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Technical tax area: Operational positions
|This item replaces an earlier version of the Commissioner’s operational position on calculating PAYE on holiday pay, published on 17 November 2015. This does not change the Commissioner’s position as outlined in the earlier version, but provides more information and further explains the correct tax treatment of holiday pay under the Income Tax Act 2007.|
This item clarifies the appropriate tax treatment of holiday pay when calculating PAYE deductions, as there has been uncertainty in this area. This item also sets out the operational position adopted by the Commissioner in relation to this matter.
The Holidays Act 2003 provides for an employee’s entitlement to paid annual holidays.
Holiday pay can be paid based on an employee’s annual entitlement or 8% of their gross earnings. The Holidays Act 2003 treats holiday pay as salary and wages that are subject to tax deductions (i.e. PAYE). The Income Tax Act 2007 (ITA) then determines the correct tax deductions.
For income tax purposes, holiday pay is a “PAYE income payment” which is classified and taxed as either “salary or wages” or “extra pay” – both of these terms are given specific meanings for income tax purposes, which do not necessarily align with the Holidays Act definitions or what would ordinarily be perceived as an “extra pay”. Further, the tax treatment of holiday pay is not dependent on the status of leave (e.g. accrued or entitled, paid in advance of the actual leave, during it or after it) under the Holidays Act or another enactment.
“Salary or wages” is defined in section RD 5 of the ITA as a payment of salary, wages or allowances made to a person in connection with their employment. However, any payment that is classified as an “extra pay” is excluded from the definition.
“Extra pay” is defined in section RD 7 of the ITA. It means a payment that:
- Is made in connection with a person’s employment; and
- Is not a payment regularly included in salary or wages payable to the person for a pay period; and
- Is not overtime pay; and
- Is made in 1 lump sum or in instalments.
Put simply, a payment that is not normally paid in a pay period will be an extra pay and would be taxed as such and not as salary or wages. Taxing the payment as an extra pay does not always mean that the person is receiving more pay – it merely means that the person is receiving an extra payment for that pay period.
The extra pay tax rules help to reduce overpayment of tax
There is a misconception that taxing a payment as an extra pay means the employee is taxed at a higher rate. In fact, the deduction rates for an extra pay are aligned with the personal income tax brackets and tax rates, and therefore depend on the annual income of the employee.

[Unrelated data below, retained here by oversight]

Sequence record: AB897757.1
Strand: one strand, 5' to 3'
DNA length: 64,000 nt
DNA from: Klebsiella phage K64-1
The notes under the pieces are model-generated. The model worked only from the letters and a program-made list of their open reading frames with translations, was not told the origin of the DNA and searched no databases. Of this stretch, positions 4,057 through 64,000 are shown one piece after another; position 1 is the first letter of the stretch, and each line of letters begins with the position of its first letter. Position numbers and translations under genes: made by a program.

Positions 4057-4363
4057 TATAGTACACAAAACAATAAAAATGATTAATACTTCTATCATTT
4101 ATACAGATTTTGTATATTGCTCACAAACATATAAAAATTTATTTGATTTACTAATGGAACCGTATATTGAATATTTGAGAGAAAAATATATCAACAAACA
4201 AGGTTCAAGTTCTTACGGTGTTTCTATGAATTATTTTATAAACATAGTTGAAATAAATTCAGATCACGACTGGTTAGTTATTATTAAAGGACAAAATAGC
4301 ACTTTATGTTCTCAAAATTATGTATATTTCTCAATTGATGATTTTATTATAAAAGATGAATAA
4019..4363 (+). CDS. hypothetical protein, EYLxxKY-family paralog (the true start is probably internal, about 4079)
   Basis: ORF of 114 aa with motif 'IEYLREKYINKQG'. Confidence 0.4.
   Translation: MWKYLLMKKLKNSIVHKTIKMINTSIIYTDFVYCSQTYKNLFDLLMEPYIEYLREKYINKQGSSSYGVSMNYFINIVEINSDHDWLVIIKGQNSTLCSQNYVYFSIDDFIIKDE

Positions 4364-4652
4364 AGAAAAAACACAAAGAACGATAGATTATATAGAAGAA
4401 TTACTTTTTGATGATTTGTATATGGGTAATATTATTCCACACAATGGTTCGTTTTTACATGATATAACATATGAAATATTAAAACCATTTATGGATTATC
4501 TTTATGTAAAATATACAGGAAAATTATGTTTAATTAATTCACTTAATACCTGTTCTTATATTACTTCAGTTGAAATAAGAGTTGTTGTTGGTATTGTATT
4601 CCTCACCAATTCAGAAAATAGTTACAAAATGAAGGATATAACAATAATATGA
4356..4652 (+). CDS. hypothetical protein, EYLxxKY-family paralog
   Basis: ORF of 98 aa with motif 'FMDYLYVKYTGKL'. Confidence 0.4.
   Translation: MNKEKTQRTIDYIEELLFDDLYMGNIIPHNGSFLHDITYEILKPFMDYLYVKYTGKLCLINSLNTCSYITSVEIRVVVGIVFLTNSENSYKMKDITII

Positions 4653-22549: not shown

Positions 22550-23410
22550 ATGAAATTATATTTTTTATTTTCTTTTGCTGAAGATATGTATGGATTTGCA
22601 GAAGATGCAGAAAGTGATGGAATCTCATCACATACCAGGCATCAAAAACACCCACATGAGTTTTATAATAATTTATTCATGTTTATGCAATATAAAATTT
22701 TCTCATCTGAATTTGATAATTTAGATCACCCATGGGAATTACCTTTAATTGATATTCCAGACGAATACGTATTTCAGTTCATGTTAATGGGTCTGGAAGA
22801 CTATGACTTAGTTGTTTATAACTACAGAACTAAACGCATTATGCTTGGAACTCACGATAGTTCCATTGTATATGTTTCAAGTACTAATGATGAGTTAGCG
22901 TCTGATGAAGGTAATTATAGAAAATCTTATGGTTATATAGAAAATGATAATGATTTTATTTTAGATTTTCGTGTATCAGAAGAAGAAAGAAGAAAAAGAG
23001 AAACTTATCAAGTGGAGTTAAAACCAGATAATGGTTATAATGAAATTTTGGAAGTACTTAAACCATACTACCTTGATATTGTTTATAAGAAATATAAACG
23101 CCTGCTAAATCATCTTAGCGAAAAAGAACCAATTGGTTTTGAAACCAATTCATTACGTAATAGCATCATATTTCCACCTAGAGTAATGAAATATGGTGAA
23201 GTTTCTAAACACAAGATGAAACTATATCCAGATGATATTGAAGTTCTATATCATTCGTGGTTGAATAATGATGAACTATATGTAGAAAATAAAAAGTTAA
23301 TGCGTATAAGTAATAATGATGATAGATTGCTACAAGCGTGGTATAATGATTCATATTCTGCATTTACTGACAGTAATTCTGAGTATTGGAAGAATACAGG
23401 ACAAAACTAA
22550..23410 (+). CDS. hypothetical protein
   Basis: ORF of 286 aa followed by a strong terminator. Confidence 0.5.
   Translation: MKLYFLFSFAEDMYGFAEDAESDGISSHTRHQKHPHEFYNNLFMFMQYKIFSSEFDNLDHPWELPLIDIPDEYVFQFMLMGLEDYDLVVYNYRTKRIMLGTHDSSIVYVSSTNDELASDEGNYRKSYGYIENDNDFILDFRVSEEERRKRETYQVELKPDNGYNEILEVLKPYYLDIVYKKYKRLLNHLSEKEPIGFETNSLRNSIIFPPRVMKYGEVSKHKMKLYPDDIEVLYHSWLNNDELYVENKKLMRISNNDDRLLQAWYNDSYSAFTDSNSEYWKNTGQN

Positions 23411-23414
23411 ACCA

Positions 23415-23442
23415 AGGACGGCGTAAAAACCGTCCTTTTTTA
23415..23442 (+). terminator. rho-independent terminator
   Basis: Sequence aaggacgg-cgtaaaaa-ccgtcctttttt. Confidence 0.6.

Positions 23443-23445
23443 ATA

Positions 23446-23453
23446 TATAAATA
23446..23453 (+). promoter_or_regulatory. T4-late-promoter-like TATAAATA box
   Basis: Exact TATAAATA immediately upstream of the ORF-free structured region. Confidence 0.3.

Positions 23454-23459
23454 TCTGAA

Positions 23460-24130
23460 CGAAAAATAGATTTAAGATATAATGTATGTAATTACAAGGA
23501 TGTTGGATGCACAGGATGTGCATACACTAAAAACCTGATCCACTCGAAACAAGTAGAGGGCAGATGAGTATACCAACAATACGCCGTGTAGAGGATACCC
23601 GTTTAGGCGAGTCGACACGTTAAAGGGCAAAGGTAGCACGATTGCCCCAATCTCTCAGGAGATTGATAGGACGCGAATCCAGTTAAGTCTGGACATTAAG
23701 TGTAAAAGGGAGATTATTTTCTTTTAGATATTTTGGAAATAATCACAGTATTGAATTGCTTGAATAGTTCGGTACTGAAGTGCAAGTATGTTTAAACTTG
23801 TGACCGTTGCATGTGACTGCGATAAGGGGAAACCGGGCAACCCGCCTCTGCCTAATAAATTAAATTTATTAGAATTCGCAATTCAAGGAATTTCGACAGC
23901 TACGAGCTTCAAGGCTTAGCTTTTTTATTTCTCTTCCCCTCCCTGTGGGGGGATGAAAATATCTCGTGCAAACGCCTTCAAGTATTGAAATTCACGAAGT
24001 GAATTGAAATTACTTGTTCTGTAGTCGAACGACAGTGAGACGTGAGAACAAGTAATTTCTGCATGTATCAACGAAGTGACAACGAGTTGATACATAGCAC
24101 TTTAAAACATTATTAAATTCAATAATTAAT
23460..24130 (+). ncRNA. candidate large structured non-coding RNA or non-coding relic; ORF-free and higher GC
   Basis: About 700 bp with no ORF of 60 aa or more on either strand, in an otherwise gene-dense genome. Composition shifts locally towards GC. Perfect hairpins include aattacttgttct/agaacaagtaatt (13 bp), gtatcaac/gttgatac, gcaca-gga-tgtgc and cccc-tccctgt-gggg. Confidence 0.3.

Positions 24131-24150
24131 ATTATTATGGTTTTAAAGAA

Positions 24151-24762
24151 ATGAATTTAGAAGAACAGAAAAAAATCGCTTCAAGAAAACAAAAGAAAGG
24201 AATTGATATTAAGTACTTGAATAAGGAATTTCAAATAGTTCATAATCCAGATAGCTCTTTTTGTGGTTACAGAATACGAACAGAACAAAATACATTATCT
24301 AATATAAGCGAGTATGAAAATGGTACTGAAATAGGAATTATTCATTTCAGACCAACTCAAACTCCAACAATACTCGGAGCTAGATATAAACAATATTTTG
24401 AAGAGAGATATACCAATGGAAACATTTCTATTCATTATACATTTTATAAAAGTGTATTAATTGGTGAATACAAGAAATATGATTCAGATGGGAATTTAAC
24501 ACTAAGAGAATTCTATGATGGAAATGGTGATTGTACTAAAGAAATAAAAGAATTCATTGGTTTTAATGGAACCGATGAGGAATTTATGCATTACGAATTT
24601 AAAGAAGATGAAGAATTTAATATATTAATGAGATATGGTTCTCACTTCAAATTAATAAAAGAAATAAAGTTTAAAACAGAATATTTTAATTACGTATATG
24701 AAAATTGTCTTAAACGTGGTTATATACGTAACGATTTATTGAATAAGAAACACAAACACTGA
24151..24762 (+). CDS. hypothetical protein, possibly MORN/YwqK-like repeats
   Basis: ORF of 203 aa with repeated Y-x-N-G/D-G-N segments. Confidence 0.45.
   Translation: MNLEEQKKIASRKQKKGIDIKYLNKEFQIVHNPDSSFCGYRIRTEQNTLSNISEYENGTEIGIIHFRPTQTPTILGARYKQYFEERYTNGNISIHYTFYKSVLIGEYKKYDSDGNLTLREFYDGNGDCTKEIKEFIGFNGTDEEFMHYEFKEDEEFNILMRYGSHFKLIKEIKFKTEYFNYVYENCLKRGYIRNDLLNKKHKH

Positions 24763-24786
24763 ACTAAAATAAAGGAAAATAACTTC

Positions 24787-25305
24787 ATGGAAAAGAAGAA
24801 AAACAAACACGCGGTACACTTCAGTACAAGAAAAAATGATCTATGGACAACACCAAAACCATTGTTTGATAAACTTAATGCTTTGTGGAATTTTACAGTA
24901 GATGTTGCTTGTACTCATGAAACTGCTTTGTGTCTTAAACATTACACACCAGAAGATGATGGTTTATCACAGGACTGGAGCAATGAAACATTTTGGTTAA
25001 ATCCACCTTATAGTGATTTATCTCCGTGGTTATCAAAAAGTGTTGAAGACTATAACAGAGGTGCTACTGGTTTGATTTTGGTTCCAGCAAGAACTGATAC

The extra pay tax rules are intended to ensure that any payments made in addition to an employee’s usual salary or wages for a pay period are taxed at the appropriate tax rate so that the employee is not over or under taxed. As PAYE deductions are calculated based on a person’s annual income, a one-off extra payment, added to the person’s regular salary or wages for that pay period, would otherwise lead to too much tax being deducted, based on the assumption that the employee would receive that extra amount each pay period.
For example: If an employee gets paid $900 per week, PAYE is deducted each week based on an annual salary of $46,800. If the employee were paid four weeks of holiday pay as a lump sum, and the lump sum were simply treated as ordinary salary or wages in that week, then PAYE would be erroneously deducted on the basis of a weekly assumed income of $4,500 (i.e. an annual salary of $234,000). This would result in the over deduction of PAYE in this instance.
Is it “salary or wages” or “extra pay”?
When deducting PAYE on holiday pay, we are concerned with when the holiday pay is paid to the employee, rather than how the holiday pay is calculated. To decide whether a payment of holiday pay is salary or wages or extra pay, regardless of the status of the leave (i.e. accrued but not entitled, accrued and entitled, or anticipated leave) or how the holiday pay has arisen (person takes leave or end of employment), the following general principles apply:
- Salary or wages: Holiday pay that is linked to the work days within the pay period is treated as salary or wages (i.e. where holiday pay is paid in substitution of their normal pay in a pay period; or 8% of a person’s gross earnings is included in the person’s regular pay). This is how the majority of holiday pay is paid to an employee.
For example, a person who is paid weekly goes on leave for two weeks. That person continues to be paid weekly while they are away, but instead of their normal salary, they are paid 5 days of holiday pay in each pay period. These are salary or wages and not extra pays. The gross amount of holiday pay should be allocated appropriately to the number of days/weeks of leave taken and then the PAYE tables applied.